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1  MISCELLANEOUS TOPICS / Completed Projects / $30 Dress form and dress form stand construction *tutorial* on: January 25, 2006 09:39:41 PM
I was up in Madison recently and came upon an adjustable dress form at St Vinny's for only $25! 

Dial on the sides to increase bust, waist, and hips!

So pretty cool, but it didn't come with a stand.  I traced the bottom of the dress form's pipe (5/8" diameter) and then measured how tall I needed my stand to be so it was around my height (around 35").  Then I went to the Home Depot for PVC pipe and something stand-like. 

In the plumbing section I found 1/2" PVC pipe, a 1/2" galvanized iron flange for iron piping, and a 1/2" male adapter for PVC pipe. Then in the lumber section I scored a sweet 11 3/4" circular piece of particle board.  All this stuff came up to round $5.

Composed of many different materials but the important thing is that the male adapter screwed perfectly into the flange.  The PVC pipe - which the folks at HD cut for me, yeah! - can just be stuck into the other end.

The particle board creates a wider base so my dress form won't totter over.  I drilled my flange contraption into the particleboard, stuck the PVC on and placed the dress form on top! Since the PVC pipe is slightly smaller than the pipe of the dress form, the dress form itself can easily rotate.

Light, inexpensive, and easily taken apart for travel! Hurrah!

I have some lengths of PVC pipe left, so I need to find something to do with them...  Cheesy
2  MISCELLANEOUS TOPICS / Completed Projects / Monster Mittens on: December 12, 2005 10:14:45 PM
Say YES to fur!

Faux fur, that is. And monster fur, to be exact.  Grin

Finally got off my bum to craft some wares to sell.  I made some scarves out of the same material last winter with hand-warmer pockets and claws.

The fur is only on the backs of the mittens, so they won't interfere with stuff like holding mugs of tea, jabbing eyes, or other delicate operations.

I used an anti-pill fleece, which is super sturdy.  I was originally going to use two layers of fleece per side but after seeing how heavy it was, I was like,"No need for that."

Despite the curves, it is much easier than making the scarves.  My mom's machine can't handle so many layers - I haven't set up my old school Singer Touch n Sew, which should tackle anything up to bearskin, I think - but the mittens went through all right.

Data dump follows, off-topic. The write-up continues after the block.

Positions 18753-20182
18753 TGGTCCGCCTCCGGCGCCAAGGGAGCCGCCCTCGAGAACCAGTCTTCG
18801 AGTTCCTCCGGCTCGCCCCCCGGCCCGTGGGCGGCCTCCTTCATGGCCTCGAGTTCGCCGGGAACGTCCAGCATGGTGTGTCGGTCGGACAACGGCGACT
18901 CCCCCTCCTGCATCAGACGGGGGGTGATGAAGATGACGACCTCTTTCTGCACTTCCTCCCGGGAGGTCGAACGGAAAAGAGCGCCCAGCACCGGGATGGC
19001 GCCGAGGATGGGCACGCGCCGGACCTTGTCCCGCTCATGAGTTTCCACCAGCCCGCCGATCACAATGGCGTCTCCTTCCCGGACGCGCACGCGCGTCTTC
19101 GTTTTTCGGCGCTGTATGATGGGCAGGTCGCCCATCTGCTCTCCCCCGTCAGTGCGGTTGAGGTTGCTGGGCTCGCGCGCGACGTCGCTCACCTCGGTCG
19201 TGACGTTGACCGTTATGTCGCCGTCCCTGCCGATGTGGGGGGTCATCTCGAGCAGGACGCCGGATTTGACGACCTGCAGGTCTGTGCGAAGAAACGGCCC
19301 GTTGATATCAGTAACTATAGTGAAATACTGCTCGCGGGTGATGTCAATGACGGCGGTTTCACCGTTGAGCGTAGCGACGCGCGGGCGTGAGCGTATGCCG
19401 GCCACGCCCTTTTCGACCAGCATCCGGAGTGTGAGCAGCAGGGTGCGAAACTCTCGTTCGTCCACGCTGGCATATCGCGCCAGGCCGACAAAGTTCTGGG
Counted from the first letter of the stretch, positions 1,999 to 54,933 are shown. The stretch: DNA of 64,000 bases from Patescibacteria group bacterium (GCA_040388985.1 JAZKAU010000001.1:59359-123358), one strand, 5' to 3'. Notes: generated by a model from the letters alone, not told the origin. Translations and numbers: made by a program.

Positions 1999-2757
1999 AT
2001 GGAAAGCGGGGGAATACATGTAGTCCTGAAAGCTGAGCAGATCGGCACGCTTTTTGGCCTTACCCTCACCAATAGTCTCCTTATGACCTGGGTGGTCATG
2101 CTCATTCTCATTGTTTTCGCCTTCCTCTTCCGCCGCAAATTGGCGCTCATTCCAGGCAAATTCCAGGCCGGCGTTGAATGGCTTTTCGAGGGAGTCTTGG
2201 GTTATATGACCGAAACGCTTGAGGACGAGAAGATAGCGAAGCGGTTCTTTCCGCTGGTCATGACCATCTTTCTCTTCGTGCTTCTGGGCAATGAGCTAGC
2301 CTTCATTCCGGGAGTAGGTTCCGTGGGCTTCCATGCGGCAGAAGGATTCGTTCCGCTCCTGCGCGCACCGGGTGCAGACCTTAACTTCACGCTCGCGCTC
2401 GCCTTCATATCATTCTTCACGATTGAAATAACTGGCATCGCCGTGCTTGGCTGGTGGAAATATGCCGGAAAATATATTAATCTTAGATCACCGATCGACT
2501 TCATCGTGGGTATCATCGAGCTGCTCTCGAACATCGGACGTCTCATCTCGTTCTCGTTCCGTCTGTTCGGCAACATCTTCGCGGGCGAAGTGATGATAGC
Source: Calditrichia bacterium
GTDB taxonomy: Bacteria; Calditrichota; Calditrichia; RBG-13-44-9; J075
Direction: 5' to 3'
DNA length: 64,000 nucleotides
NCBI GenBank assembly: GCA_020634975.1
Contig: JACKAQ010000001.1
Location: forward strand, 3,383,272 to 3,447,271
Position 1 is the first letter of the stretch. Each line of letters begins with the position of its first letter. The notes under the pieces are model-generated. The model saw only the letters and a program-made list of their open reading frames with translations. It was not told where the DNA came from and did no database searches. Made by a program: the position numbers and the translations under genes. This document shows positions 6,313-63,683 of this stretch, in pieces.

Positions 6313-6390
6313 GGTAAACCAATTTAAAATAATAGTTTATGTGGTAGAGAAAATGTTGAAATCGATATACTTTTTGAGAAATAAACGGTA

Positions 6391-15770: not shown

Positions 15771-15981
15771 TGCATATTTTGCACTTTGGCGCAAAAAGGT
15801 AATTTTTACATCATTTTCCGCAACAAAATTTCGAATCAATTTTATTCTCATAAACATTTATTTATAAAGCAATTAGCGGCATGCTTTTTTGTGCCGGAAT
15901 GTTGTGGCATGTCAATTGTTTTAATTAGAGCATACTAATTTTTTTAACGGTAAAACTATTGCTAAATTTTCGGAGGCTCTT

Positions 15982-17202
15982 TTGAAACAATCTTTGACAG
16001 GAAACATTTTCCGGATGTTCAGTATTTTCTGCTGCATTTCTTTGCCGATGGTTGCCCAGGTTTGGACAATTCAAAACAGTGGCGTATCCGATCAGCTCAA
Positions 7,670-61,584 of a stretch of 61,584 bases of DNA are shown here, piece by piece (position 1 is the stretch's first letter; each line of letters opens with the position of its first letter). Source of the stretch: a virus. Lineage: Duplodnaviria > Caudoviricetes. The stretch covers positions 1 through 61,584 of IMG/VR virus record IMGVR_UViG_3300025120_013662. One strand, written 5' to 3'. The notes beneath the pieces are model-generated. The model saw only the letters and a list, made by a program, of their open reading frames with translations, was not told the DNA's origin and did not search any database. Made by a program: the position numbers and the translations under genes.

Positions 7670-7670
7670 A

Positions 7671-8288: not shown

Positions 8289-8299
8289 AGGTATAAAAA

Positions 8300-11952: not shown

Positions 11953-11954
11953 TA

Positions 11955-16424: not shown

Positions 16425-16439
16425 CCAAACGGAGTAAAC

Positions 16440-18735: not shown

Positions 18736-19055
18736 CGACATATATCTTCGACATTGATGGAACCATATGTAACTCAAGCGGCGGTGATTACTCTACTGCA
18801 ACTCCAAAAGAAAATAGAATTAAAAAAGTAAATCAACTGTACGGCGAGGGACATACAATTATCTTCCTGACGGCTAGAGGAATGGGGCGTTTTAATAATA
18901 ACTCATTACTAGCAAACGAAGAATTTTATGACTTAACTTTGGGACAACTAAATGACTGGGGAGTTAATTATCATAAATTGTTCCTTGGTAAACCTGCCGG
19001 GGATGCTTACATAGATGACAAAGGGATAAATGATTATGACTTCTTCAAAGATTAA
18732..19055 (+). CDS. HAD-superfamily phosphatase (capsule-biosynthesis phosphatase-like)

3  SEWING IN GENERAL / Sewing Machines: Discussion and Questions / Reverse stitching issues on: September 23, 2005 08:07:05 AM
I have a vintage Singer Touch n Sew 603e; it's basically a sturdy little thing.

It's so nice and I got it tuned up a few months back so it was working like a dream.

However,  my reverse stitching is not working.  It skips stitches or jams up. Almost like feed dogs are not working.

Forward sewing is fine and tension seems to be ok.  It just messes up whenever I try to reverse stitch.
Is there anything I can do to troubleshoot?
4  KNITTING / Knitting: Completed Projects / Strawberry hat! Chock full of....seeds?! on: November 13, 2004 01:56:37 PM
Huzzah for knitting!  In order to avoid cleaning my room, I found a HUGE stash of yarn.  After putting it all in a box, I  was reminded of posting my strawberry cap here.

The entire cap:

A glamour shot:

I used Caron's Simply Soft in Autumn Red, Green, and Soft Yellow on size 8 needles.
5  JEWELRY AND TRINKETS / Trinkets and Jewelry: Completed Projects: General / Wraparound Studded Wristband on: January 31, 2004 08:38:33 PM
Hi. I'm new here.
Ive wanted to make my own studded wristcuff instead of buying one, because all I seem to see are black or hot pink.  I wanted to make something less common.
The internet seems to lack good instructions, so after fantasizing and finally getting off my ass, I decided to make a move.
Here is a wristband that wraps round my wrist twice.  It reminds me of those fancy Swatch watches.  I bought the studs at http://www.studsandspikes.com.  

Everything you need you can find at a craft store or around your house, save the studs.
Doubles as a collar.

Youll need
Studs (conical, pyramid, it doesnt matter)
Craft knife or box cutter
Skinny belt or a strip of vinyl/leather that is slightly wider than the width of your studs.
4-piece Snap fasteners and something to apply them with
Stud awl or regular Awl
Masking tape
Needle nose pliers
1.Measure your wrist loosely, multiply by two and add a little more than an inch.  This number is the length of your band.
2.Measure 2.5-3 from both ends of your band.  Mark it.  
3.Depending on how many studs you want, measure and mark where youll want the studs to go.
4.Wrap masking tape round one side of your pliers. This will prevent it from scratching the stud.
5.<b>If you have a stud awl</b>, punch a slit wherever you made a mark.  Insert studs and clamp shut with pliers.
6.<b>If you have no stud awl</b>, press a stud into the band wherever you made a mark.  Take your knife and press into the band so youve made a slit.  Insert studs and clamp shut with pliers.
7.Keep doing this until youre done setting the studs. Then make a mark where you want the snap fasteners to go.
8.Follow the instructions of the snap fastener package to apply them.  For thicker materials like leather, I would use a craft knife to cut out a hole smaller than the size of the fastener parts so they can be more easily hammered into the band.
9.Youre done.  The end.

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